- Labour MP Meka Whaitiri announced her resignation from Labour to join Te Pāti Māori.
- The move looks like it should trigger the waka jumping law booting Whaitiri from Parliament. Why does the Labour Party Speaker say it didn’t?
- The Speaker won’t let anyone “check his work”. Is he yet another sole source of truth?
Why did Whaitiri quit Labour?
On 3 April 2023, Labour MP for Ikaroa-Rāwhiti, Meka Whaitiri surprised her party by announcing she had officially notified the Speaker of the House Adrian Rurawhe that she was quitting her party to join Te Pāti Māori.
Whaitiri did not speak to the Prime Minister about her resignation from the party and there was no indication she quit over differences either political or philosophical. This has lead to widely reported speculation that she left for reasons related to personal ambition.
Whaitiri held her seat since 2013. Her portfolios included Customs, Cyclone Recovery minister for Hawke’s Bay, Food Safety and Veterans’ affairs.
Allegations over an altercation with a staff member saw Whaitiri stripped of Ministerial responsibilities under former Prime Minister Jacinda Ardern in 2018. However, in 2020, Whaitiri was made a minister outside cabinet.
Many are surprised Whaitiri’s move hasn’t triggered the Electoral (Integrity) Amendment Act 2018 (aka the “waka jumping law”), which she helped pass.
MP Andrew Little previously said the Act was meant to set out a process by which, if members leave their party and join another they can be removed from Parliament.
To trigger the legislation, a signed letter stating the intention to resign from their party is delivered to the Speaker. The MP’s seat is then vacated immediately. The justification for this law is that your constituents voted for you under one banner and you shouldn’t be able to switch on them.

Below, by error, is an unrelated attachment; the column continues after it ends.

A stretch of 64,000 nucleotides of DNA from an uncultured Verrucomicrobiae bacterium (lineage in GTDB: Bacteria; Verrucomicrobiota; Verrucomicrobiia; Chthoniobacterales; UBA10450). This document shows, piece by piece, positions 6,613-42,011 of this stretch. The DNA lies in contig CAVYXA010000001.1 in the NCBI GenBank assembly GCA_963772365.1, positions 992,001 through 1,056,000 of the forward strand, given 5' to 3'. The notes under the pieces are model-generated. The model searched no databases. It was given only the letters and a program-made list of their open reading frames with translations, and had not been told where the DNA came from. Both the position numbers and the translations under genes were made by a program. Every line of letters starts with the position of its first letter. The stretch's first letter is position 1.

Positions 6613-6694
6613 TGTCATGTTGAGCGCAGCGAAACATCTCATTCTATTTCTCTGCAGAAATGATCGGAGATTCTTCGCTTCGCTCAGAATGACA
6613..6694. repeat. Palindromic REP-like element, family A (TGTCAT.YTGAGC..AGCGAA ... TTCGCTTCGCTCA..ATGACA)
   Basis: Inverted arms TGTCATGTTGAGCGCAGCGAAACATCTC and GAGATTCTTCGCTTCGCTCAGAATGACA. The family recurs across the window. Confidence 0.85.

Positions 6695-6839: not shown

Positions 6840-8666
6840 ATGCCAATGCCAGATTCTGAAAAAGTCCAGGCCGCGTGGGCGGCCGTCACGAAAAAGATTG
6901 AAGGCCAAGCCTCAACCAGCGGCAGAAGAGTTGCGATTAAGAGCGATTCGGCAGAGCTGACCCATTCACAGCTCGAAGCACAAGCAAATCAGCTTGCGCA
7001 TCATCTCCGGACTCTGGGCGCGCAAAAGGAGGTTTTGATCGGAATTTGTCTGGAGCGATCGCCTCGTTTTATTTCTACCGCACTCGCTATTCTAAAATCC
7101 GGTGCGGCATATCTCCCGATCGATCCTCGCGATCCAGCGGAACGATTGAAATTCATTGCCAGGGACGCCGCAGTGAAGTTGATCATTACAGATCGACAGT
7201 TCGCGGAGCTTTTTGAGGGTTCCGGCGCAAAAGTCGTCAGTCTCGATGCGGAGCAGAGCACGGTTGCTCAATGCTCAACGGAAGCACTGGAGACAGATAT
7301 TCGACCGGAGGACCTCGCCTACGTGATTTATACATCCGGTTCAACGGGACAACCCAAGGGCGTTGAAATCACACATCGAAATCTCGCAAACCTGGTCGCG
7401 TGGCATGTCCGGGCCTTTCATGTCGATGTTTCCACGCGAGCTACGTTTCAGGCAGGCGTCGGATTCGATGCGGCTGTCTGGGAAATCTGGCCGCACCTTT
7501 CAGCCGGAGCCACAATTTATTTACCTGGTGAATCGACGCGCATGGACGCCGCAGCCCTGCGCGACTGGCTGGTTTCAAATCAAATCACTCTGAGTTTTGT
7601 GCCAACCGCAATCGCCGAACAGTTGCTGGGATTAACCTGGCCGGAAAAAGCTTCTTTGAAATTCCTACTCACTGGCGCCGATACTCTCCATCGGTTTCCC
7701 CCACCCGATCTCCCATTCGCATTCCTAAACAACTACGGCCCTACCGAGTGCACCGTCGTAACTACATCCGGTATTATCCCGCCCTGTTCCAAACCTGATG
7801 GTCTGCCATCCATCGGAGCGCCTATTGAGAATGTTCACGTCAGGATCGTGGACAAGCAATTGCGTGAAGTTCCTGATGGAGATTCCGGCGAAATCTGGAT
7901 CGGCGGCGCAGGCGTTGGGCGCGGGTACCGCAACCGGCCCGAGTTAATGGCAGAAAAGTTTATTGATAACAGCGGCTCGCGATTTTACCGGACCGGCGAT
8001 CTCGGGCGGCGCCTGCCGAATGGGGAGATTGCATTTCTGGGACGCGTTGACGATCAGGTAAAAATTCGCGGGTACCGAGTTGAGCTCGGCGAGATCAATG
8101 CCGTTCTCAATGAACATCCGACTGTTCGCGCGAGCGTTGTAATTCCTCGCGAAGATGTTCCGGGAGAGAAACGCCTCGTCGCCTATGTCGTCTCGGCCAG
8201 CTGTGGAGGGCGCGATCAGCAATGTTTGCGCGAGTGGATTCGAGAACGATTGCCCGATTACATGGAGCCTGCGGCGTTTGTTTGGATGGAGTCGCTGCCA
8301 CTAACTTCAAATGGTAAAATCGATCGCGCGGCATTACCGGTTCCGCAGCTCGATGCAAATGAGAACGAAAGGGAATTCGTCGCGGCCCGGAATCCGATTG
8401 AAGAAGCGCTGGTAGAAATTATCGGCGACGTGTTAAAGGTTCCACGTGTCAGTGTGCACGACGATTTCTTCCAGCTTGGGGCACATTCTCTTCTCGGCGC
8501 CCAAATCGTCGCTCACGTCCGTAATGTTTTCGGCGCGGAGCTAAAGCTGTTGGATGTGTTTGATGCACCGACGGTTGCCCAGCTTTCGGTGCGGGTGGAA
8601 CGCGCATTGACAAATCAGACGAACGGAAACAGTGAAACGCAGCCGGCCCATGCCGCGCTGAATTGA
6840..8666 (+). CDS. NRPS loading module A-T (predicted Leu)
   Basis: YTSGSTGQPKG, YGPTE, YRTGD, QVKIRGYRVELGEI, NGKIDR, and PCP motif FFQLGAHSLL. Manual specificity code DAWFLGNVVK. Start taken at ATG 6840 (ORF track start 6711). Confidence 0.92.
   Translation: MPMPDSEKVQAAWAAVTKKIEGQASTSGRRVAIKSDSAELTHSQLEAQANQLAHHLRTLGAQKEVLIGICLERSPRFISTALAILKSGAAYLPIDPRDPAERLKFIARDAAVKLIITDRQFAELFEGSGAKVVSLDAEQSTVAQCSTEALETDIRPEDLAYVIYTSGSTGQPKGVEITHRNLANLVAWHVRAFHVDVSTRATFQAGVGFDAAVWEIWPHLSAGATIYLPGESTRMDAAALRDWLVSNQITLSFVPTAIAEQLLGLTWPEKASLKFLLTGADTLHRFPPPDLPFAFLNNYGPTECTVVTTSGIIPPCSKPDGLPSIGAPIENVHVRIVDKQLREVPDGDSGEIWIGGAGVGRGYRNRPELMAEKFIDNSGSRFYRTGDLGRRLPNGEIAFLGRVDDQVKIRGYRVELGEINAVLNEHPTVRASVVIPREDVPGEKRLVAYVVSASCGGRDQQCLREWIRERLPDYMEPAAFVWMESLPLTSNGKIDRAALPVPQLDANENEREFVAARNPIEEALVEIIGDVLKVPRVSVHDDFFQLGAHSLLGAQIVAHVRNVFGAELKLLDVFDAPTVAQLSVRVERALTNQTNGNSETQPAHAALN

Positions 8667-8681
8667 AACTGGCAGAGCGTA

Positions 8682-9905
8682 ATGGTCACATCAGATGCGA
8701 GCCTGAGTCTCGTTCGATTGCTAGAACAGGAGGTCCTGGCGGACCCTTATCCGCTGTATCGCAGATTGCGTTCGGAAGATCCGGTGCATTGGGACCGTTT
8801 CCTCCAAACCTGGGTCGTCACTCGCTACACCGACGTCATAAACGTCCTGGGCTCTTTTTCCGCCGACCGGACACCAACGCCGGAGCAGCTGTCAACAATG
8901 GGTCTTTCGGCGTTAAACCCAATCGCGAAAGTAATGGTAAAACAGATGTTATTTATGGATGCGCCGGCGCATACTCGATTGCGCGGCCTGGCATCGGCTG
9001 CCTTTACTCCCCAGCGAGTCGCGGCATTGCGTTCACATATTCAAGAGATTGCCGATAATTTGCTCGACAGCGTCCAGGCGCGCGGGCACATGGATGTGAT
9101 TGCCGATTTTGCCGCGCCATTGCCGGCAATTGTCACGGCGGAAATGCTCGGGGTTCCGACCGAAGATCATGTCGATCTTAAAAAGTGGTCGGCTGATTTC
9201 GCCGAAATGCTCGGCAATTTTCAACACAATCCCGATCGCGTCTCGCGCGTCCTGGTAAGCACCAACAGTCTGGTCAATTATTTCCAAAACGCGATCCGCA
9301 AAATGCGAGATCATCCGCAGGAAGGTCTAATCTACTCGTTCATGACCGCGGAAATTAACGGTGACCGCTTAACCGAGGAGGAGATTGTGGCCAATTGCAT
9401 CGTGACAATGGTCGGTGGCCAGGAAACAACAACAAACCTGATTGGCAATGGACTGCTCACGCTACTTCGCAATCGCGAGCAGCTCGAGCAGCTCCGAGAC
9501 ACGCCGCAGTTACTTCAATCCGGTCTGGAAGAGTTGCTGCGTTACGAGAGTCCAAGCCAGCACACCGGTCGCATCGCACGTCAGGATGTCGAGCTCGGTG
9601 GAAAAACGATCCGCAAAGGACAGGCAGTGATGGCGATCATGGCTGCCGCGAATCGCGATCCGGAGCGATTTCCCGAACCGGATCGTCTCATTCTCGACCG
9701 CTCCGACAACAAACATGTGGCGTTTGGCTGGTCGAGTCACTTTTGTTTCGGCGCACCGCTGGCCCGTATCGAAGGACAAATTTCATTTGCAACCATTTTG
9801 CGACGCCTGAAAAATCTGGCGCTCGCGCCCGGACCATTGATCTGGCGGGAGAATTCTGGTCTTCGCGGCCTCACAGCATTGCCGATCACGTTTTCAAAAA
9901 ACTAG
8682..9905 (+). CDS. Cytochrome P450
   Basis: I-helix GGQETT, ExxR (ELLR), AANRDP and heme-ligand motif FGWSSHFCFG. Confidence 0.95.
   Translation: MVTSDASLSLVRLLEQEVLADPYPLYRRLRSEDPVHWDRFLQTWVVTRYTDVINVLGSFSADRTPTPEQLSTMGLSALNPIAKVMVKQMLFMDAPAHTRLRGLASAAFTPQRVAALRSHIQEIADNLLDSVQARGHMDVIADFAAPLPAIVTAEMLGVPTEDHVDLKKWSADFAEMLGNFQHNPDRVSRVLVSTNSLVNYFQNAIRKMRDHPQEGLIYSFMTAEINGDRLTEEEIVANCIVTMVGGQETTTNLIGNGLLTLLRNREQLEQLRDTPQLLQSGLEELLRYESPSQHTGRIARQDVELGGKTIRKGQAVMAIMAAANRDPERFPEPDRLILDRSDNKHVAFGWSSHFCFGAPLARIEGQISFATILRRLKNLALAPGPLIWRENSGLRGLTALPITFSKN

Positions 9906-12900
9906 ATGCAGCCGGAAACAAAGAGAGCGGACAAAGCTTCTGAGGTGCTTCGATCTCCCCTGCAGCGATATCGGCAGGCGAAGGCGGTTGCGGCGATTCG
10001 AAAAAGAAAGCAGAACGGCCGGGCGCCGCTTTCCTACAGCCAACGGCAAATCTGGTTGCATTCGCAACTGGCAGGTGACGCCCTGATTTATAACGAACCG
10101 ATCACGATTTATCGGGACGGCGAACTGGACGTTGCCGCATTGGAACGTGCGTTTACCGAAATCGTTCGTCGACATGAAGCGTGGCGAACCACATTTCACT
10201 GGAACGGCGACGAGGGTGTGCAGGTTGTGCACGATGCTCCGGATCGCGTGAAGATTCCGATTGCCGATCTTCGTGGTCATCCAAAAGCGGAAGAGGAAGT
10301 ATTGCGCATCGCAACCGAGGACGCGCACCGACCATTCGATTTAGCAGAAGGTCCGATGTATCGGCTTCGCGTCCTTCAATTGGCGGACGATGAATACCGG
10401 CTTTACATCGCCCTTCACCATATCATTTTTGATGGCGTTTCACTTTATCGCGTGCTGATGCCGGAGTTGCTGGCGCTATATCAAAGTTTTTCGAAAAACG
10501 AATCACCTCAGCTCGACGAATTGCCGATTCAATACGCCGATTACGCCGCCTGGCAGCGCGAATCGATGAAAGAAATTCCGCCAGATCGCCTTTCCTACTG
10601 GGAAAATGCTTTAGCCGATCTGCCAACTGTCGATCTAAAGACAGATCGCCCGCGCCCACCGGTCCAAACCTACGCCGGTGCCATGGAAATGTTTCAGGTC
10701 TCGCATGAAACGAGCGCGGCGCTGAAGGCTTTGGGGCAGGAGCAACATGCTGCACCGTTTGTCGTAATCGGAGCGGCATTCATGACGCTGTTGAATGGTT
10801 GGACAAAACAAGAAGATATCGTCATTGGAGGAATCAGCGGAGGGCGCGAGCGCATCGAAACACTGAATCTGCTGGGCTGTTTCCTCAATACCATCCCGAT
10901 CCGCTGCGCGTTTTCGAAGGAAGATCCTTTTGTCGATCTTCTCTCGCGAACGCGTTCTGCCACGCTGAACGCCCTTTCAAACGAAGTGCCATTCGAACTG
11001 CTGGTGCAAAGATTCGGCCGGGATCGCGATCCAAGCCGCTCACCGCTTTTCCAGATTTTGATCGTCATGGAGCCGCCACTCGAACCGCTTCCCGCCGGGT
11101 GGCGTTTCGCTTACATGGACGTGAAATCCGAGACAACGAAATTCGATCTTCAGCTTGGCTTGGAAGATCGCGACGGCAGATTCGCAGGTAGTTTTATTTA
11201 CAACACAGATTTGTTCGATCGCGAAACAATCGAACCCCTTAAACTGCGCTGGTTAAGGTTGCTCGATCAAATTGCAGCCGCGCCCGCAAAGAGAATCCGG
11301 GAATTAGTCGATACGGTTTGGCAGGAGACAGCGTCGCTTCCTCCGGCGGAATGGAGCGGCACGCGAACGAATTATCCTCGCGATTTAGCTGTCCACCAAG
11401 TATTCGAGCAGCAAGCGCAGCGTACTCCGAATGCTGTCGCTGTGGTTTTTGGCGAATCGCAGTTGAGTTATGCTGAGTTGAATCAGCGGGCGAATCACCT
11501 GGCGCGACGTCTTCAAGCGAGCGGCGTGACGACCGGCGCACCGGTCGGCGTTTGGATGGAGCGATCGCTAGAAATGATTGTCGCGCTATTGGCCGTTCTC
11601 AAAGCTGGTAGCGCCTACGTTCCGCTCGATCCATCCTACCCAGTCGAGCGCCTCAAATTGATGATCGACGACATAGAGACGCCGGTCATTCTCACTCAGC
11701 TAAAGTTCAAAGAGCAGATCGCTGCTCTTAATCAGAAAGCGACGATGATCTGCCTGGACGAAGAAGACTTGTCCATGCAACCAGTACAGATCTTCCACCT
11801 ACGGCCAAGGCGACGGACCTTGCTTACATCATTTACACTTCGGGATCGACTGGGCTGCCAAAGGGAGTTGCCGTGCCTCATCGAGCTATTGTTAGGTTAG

It certainly seems like Whaitiri has triggered the law, but Speaker Rurawhe says he will recognise the MP as an independent. The Speaker, a Labour MP appointee, says the letter did not technically meet the requirements necessary to trigger the waka jumping law and is claiming privacy in withholding the letter from the public.
The Speaker implied that Whaitiri didn’t make it explicit in her notice that she was joining Te Pāti Māori upon her resignation. Even though she stated publicly she had done so.
“She has withdrawn her proxy from the Labour Party, and she wishes to sit somewhere else. That’s it.”
Neither Te Pāti Māori nor Whaitiri have released the letter to the public.
Hipkins, responding to questions, denies that he’s lost control of his Cabinet amid the messy defection.
In a series of tweets, NZ First leader Winston Peters called Whaitiri’s resignation within six months of a general election (thereby avoiding a by-election) “deceptive” and “disgraceful”.
Political analyst Bryce Edwards said Whaitiri had not acted honourably and it reflected badly on the “mana” of Te Pāti Māori, who may appear increasingly “opportunistic and unprincipled” to voters.
He also speculated the Labour Party did not want to upset Te Pāti Māori by invoking the waka jumping legislation because they may need their support to form a coalition come election time.
In response to Whatiri’s comments that she was emancipated after being “shackled” by Labour, RNZ’s Tim Watkins wrote that a minister earning at least $250,000 a year claiming to be a slave will seem perverse to those who voted for her suffering more directly through a cost of living crisis and more.